It’s a brave new world for Tarzan. No longer is he facing real-life, full-size apes, or leopards, or any other animal. Nor humans in ape costumes. Rather, Tarzan now interacts with a litany of CGI creations in a CGI environment. The green screen hijinks leave viewers with a lack of immersion, but what the movie really needs is a character to get invested in and an adventure worth taking. David Yates’s THE LEGEND OF TARZAN is by-the-numbers in every way. Watching shaky cam footage of safaris on Youtube will bring more excitement to viewers than this iteration of the Lord of the Apes.
We begin with several pages of text to get us caught up in the affairs we’re joining. Belgium and Great Britain have divided up the African Congo, and Belgium is going bankrupt and needs money. Enter Leon Rom, played by Christoph Waltz, who seems cursed to play only villainous characters after Inglorious Basterds. Leon, in his crisp white suit, has found a tribe of Africans sitting on piles of diamonds. To get the diamonds, Leon must bring Tarzan to the chief. Only problem is, Tarzan has adjusted to civilized life in London as a fancy pants aristocrat.
Alexander Skarsgard is the man playing the Lord of apes this time around, and he brings a controlled demeanor to his Tarzan, a man in control of his emotions and repressing his animal upbringing. He also speaks complete sentences throughout the film. No “Me Tarzan, you Jane” in this iteration, although the line does make an appearance. After sitting in a meeting of old dudes attempting to convince Tarzan, living now as John Clayton III, to journey to the Congo as a diplomat, Tarzan leaves the room to continue living with his wife, Jane (Margot Robbie).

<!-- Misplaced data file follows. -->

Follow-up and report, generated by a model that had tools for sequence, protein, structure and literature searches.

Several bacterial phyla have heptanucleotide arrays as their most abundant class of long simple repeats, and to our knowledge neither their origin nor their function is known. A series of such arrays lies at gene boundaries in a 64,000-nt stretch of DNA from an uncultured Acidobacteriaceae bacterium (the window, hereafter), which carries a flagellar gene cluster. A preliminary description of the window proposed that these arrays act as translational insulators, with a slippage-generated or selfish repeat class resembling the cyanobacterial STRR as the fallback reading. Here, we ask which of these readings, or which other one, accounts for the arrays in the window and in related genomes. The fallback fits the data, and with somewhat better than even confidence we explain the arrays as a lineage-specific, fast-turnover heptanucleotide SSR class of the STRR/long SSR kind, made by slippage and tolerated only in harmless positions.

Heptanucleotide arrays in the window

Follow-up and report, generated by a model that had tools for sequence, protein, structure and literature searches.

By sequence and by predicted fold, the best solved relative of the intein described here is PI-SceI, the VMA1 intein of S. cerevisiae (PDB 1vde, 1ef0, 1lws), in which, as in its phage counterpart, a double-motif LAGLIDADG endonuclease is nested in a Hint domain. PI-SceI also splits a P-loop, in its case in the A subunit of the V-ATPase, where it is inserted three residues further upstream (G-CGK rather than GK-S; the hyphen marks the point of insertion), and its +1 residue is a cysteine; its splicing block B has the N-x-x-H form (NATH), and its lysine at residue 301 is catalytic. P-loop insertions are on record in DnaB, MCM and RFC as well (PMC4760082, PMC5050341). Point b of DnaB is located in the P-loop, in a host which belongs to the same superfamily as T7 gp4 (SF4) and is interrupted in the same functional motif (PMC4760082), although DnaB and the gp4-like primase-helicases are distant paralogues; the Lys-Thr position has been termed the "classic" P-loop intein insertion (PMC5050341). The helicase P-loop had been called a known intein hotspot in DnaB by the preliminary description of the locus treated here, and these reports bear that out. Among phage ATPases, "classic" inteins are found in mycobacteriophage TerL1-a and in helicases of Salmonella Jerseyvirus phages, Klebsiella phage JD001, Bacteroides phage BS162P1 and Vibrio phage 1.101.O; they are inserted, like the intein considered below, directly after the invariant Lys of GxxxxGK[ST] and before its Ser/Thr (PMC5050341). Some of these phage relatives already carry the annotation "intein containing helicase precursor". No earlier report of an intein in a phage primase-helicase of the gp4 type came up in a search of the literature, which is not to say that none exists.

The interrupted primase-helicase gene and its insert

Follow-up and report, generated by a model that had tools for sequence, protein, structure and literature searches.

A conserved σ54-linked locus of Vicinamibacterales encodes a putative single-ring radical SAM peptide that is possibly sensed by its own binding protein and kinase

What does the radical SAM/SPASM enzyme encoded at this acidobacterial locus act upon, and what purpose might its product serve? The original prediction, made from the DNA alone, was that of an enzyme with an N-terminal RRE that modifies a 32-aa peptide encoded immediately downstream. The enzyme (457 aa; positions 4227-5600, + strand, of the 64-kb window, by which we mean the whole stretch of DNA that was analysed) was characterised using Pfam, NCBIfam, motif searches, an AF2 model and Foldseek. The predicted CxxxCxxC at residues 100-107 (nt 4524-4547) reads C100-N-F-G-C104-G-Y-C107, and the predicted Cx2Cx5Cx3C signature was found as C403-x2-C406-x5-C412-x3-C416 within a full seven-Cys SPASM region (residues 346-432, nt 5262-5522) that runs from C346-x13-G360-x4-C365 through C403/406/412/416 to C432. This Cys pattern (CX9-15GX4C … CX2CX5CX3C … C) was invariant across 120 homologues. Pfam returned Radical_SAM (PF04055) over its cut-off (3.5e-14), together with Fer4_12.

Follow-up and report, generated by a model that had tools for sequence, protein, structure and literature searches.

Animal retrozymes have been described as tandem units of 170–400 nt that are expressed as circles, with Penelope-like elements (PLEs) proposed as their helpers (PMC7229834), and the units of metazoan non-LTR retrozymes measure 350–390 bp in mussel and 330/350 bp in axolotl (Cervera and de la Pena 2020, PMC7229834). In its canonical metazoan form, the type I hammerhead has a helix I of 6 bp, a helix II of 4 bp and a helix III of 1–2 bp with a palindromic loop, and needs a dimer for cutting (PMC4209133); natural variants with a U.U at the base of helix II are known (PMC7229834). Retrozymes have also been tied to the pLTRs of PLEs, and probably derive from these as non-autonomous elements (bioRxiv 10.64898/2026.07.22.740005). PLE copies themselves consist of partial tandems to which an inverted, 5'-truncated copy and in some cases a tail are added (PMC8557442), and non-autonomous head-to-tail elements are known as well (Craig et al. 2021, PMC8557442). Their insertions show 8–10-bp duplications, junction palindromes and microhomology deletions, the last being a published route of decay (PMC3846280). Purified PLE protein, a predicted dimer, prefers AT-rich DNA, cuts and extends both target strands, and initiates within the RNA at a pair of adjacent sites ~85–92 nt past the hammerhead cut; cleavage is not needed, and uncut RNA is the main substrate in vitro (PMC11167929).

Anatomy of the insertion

However, an American seeking to find out the truth about possible slavery occurring in Africa manages to convince John Clayton to return to the jungle. This man is George Washington Williams, and is played by Samuel L. Jackson, the only actor who seems to be having any fun in the movie. And make no mistake, this is the kind of movie that really shouldn’t be taking itself so seriously. When it comes down to it, Tarzan involves a shirtless man swinging around on vines yodeling. Jackson manages to bring a few moments of levity, calling out the ridiculousness of Tarzan speaking to apes or jumping off multiple cliffs without looking, but they’re fleeting and inconsequential at best. The Legend of Tarzan aims to keep most of its tone serious and in the realm of reality, and that approach manages to make most of the movie a drag to sit through.
Not only the tone, but the plot itself contributes to the tedium of the film. There’s never any tension for any characters, or in any scene. The film rarely takes risks, and even when it does, the outcome of any plot point can be seen coming a mile away. In particular, certain characters get captured and it’s clear they’ll be rescued. Fights and battle outcomes can be called before they begin. One area of surprise is how convenient the film makes certain plot points. For an area as large as the Congo, everyone always seems to be a quick jog from each other. In one egregious instance, Tarzan jumps a great height, swings on multiple vines to get to one place, and less than five minutes later Jackson’s character arrives on scene.
There are a few rousing sequences. A train hijacking and stampede are among the more exciting moments of the movie. But these scenes are islands in a sea of dull. The Legend of Tarzan is a movie of missteps. It’s the same story we know when it should be one that goes somewhere new. It takes itself too seriously when it should be having fun. The action and adventure should thrill instead of bore. And finally, the animals and environment should feel real instead of digital and fake.
I give The Legend of Tarzan 2 blind cliff dives out of 5
Runtime: 110 minutes
Wil Loper | Contributor